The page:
The West Basin Ocean Water Desalination Project
The proposed Ocean Water Desalination Project (Project) would produce between 20 to 60 million gallons per day (MGD) of drinking water from the ocean. The 20 MGD capacity facility (Local Project) would generate approximately 21,500 acre-feet per year of high-quality, drinking water to meet the demands locally. The project also considers a potential expansion of the facility to produce up to 60 MGD of drinking water (Regional Project), to account for future needs in the region. A 20 MGD ocean water desalination facility could add approximately 11% of reliable water to the service area, further diversifying the District’s water supply portfolio.
The proposed Project site would be at an existing 33-acre industrially zoned location within the El Segundo Generating Station (ESGS) at 301 Vista Del Mar in the City of El Segundo, California. The key project components consist of a desalination facility, ocean water intake system, brine discharge system and a drinking water delivery system.
Ocean water desalination, with over 18,000 facilities in 150 countries, is one component of a water supply reliability solution used around the world. This added drinking or potable supply would enhance regional water reliability, especially during periods of drought and water scarcity (e.g., loss of snowpack in the Sierra Nevada Mountains, catastrophic interruptions of water supply and uncertain impacts of climate change).
The Project is being explored as one component of the District’s mission to provide safe and reliable water to the communities it serves through the following objectives:
- Diversify the District’s water supply portfolio to increase reliability in the near and intermediate term (5-15 years) and long term (15-30 years), while reducing reliance on imported water;
- Improve ability to adapt by developing a water supply that is less vulnerable to climate variations;
- Improve water security by increasing local control of water supplies and infrastructure;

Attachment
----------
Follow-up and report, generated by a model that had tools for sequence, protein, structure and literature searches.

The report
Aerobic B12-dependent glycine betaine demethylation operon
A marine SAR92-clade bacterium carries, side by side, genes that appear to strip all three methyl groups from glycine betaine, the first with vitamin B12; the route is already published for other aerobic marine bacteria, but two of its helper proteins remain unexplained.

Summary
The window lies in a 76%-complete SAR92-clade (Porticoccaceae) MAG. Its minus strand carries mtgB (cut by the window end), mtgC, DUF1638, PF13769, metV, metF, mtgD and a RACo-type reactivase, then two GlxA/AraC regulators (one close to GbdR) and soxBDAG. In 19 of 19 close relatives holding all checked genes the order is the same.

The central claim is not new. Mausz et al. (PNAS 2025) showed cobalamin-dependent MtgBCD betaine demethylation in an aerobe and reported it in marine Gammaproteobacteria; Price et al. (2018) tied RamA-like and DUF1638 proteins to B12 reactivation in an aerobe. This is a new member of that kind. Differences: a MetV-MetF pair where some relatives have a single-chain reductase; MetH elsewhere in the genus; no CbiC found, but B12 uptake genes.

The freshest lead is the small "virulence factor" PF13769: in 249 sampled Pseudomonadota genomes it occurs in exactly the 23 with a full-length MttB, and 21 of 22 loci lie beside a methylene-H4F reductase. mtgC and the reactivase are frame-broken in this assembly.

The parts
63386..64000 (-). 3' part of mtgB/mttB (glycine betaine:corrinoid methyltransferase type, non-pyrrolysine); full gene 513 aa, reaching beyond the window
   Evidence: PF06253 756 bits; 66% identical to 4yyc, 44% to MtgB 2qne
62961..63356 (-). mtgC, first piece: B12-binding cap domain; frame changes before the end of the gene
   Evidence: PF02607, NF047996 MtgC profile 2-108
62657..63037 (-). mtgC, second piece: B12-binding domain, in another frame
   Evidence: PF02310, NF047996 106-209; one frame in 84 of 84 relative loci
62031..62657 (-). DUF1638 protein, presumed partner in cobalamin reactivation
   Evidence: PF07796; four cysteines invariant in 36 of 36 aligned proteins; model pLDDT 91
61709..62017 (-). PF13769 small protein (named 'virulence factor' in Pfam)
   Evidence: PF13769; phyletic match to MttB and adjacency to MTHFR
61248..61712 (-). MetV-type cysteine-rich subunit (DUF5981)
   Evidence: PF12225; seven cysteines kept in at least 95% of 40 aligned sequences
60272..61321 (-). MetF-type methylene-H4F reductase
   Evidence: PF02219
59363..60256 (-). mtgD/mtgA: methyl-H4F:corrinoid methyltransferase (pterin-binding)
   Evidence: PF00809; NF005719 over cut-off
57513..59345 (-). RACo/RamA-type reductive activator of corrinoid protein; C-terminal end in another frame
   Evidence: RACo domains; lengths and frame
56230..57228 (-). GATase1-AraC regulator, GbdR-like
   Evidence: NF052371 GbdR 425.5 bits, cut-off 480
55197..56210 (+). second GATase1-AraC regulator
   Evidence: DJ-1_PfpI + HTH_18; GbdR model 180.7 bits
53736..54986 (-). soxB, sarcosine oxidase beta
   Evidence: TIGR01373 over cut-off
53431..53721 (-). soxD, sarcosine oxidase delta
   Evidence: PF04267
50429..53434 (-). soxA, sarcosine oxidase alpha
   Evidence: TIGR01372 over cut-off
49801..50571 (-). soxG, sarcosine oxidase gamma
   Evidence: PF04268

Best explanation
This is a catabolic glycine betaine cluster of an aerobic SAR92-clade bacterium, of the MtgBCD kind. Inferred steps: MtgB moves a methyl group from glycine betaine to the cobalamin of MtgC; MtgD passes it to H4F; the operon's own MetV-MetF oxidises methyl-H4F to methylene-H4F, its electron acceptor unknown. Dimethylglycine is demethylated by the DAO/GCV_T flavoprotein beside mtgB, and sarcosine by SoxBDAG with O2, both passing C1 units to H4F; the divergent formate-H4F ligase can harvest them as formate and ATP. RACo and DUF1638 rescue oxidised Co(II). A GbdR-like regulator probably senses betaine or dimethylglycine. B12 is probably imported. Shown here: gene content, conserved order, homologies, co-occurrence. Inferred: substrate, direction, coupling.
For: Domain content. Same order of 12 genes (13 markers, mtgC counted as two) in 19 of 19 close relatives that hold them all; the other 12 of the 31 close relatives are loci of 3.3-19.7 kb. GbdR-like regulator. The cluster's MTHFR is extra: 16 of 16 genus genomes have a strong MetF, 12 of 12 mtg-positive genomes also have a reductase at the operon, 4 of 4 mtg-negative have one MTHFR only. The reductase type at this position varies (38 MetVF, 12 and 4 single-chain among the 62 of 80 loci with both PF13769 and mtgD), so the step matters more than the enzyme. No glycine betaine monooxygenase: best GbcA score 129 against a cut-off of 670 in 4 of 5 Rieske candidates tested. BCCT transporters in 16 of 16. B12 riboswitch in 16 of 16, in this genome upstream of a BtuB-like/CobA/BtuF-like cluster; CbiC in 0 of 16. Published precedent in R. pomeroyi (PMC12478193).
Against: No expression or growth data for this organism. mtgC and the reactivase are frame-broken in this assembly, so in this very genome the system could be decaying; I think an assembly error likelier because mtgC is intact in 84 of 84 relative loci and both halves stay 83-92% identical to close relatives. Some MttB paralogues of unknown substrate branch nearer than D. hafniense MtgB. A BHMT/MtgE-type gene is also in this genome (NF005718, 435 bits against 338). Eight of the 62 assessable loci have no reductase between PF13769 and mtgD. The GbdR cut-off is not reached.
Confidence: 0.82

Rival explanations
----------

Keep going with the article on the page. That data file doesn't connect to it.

- Improve the District’s ability to control water costs and provide long term price stability; and
- Develop a potable water supply that is cost effective and environmentally responsible.
How Does the Ocean Water Desalination Process Work?
The main ocean water desalination process involves removal of dissolved salts and impurities to produce high-quality clean drinking water. The process involves the following steps:
- Intake: Ocean water passes through screens specifically designed to minimize impact to marine life. The screens will be designed in accordance with the 2015 California Ocean Plan Amendment for desalination.
- Media Filtration: Filters remove coarse materials from the water, such as sand and sea shell pieces.
- Membrane Filtration: Fine membranes remove the microscopic material in the ocean water, such as bacteria.
- Reverse Osmosis: The filtered water is pumped under high pressure through reverse osmosis (RO) membranes to purify it, removing salt, minerals and any remaining viruses. This results in water that meets or surpasses state and federal drinking water requirements. The discarded salt water is referred to as brine.
- Post-Treatment: Due to the pure water quality that results from the RO process, the water is remineralized to stabilize it and prevent water pipes from corroding. The water is then disinfected so it is safe for drinking.
- Brine Disposal: The brine from the RO process is returned to the ocean where it reaches ambient salinity levels within a 100-meter radius to minimize impacts on marine life. The brine discharge system will be designed in accordance with the 2015 California Ocean Plan Amendment for desalination.